One thing that I value most in a story is originality.
I like novels with "novel” ideas—ideas that aren’t just a little different, but which I haven’t seen before. Originality can show up anywhere in your story. For example, let’s say that I want to create a novel character. If I move the story outside of my society, I’m more likely to do that. So let’s say that I decide to move far outside my culture. The key is to be an original writer. What haven’t I seen before?
Well, I haven’t seen many stories with characters from Siberia, yet I’ve long been fascinated by Siberia. In particular, there have been a lot of interesting archaeological sites found there. A couple of years ago, I recall seeing pictures of a hut that had been discovered made completely out of mammoth tusks.
More recently, a frozen baby mammoth was discovered intact—one whose eggs should be whole enough that they could be used for cloning a new mammoth.
So if I were to write a story about, say, a scrimshaw artist living in Siberia who “mines” mammoth tusks so that he can create his art, the chances are that I would be imbuing the story with a unique character.
Thus, simply by moving outside of my comfort zone as a writer—to a distant time or faraway place—I can separate myself from the herd.
But there are lots of other ways to be original. You can be original in your language—in your word choice, the way that you describe things, and in your metaphors. You might decide, for example, to describe all of your characters as if they were birds, and then create original similes for every scent that you describe in the tale.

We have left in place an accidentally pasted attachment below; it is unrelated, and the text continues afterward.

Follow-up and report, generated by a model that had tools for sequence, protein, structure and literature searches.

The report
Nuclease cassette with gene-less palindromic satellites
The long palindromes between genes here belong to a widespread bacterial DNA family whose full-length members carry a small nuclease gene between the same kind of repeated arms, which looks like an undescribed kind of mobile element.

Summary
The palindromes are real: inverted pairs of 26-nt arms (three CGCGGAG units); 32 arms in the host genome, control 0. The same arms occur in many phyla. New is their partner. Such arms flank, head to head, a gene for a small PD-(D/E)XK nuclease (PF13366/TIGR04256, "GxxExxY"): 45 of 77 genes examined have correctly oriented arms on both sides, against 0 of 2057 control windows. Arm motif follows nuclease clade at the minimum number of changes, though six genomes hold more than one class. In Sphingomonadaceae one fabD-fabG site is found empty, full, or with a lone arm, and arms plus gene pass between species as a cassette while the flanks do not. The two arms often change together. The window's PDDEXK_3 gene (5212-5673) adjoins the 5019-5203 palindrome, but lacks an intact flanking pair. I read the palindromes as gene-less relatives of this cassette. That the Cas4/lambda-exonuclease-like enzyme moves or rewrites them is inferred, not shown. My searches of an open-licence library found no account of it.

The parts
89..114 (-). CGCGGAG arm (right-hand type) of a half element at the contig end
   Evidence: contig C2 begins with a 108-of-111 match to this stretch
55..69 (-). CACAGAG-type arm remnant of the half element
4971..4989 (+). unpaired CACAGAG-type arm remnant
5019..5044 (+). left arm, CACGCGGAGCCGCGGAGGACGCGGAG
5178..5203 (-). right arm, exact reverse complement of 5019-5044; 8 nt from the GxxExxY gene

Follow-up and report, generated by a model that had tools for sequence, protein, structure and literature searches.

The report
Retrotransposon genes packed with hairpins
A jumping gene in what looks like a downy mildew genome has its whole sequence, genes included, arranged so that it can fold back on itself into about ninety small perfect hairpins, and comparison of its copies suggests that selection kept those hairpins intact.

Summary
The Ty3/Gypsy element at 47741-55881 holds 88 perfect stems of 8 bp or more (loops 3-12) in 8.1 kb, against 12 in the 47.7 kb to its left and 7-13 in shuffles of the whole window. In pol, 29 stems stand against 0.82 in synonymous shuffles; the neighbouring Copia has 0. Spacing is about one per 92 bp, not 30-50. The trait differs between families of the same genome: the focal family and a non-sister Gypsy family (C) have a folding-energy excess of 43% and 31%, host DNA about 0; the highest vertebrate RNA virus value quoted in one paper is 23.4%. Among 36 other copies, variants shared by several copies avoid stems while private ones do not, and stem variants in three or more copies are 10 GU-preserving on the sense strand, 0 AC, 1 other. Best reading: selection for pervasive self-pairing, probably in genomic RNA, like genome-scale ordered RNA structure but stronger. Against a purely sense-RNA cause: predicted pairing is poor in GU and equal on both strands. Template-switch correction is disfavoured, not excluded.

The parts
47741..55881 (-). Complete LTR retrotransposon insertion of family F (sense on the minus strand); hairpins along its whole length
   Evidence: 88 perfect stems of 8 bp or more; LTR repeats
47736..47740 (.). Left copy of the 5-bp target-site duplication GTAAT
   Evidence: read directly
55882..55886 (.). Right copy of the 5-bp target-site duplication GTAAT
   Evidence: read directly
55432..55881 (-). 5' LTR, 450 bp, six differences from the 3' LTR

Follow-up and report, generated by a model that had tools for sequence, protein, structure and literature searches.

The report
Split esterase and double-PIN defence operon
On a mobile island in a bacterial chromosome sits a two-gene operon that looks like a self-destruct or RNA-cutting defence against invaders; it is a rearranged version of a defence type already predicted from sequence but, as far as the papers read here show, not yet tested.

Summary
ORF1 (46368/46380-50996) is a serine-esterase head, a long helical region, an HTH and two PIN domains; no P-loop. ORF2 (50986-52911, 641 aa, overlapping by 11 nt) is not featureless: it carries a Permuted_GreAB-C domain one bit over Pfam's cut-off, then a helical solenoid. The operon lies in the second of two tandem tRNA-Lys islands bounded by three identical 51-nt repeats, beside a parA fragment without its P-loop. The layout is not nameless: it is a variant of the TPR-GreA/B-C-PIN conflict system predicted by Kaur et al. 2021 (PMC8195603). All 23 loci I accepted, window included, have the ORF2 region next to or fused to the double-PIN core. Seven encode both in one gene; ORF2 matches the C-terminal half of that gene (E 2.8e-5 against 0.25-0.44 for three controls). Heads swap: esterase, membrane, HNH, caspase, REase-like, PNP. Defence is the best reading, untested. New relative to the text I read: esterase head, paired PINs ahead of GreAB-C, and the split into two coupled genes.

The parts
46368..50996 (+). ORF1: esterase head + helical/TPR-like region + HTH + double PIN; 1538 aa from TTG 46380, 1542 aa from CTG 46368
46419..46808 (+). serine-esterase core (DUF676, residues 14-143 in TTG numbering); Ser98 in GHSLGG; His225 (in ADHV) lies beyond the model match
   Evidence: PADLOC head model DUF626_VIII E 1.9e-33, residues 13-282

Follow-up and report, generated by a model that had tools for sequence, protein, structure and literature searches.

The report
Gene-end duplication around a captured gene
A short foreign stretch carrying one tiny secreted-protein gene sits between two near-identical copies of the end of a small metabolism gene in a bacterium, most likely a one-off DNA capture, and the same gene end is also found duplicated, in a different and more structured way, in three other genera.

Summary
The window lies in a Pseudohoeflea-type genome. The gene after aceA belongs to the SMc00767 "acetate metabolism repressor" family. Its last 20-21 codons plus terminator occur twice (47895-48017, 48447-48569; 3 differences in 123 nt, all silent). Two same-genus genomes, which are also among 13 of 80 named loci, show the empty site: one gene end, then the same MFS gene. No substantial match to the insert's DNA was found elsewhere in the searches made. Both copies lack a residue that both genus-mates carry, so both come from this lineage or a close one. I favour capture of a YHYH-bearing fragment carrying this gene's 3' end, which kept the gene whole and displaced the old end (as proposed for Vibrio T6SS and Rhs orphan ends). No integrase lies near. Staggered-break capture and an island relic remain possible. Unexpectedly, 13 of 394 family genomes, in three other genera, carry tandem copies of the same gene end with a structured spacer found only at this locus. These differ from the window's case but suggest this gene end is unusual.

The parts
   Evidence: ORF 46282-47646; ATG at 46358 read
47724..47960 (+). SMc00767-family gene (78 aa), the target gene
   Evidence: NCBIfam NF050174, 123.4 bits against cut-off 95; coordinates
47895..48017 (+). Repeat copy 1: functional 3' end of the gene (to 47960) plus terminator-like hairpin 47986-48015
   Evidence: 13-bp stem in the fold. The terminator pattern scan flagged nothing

I saw good use of this technique in Anne Tyler’s novel Dinner at the Homesick Restaurant. She alternately described a family as a garden and as a corporation throughout the novel, building an argument for what the family should be. I used to love the way that Flannery O’Connor would describe people using vegetables in her metaphors.
You can show originality in your plotting by coming up with unusual and compelling problems for your character, along with unique ways that the character might try to resolve those problems.
I loved the movie Live Free or Die Hard—especially the part where Bruce Willis attacks a motorcycle with his car, or when he shoots through himself in order to kill the villain. The movie had a number of original conflicts and twists interwoven through the plot.
Sometimes, you can do original things with your story simply by your approach. For example, when Orson Scott Card wrote Ender’s Shadow, he did something I’ve never seen done before—he rewrote a popular novel using the viewpoint of a completely different protagonist. What a cool idea!
My goal isn’t always to create a story that you’ve never seen before, but I do find that the stories I enjoy most consistently add interest by giving me something unique.
“All I ever wanted was for somebody to publish Harry so I could go to bookshops and see it.”
—J. K. Rowling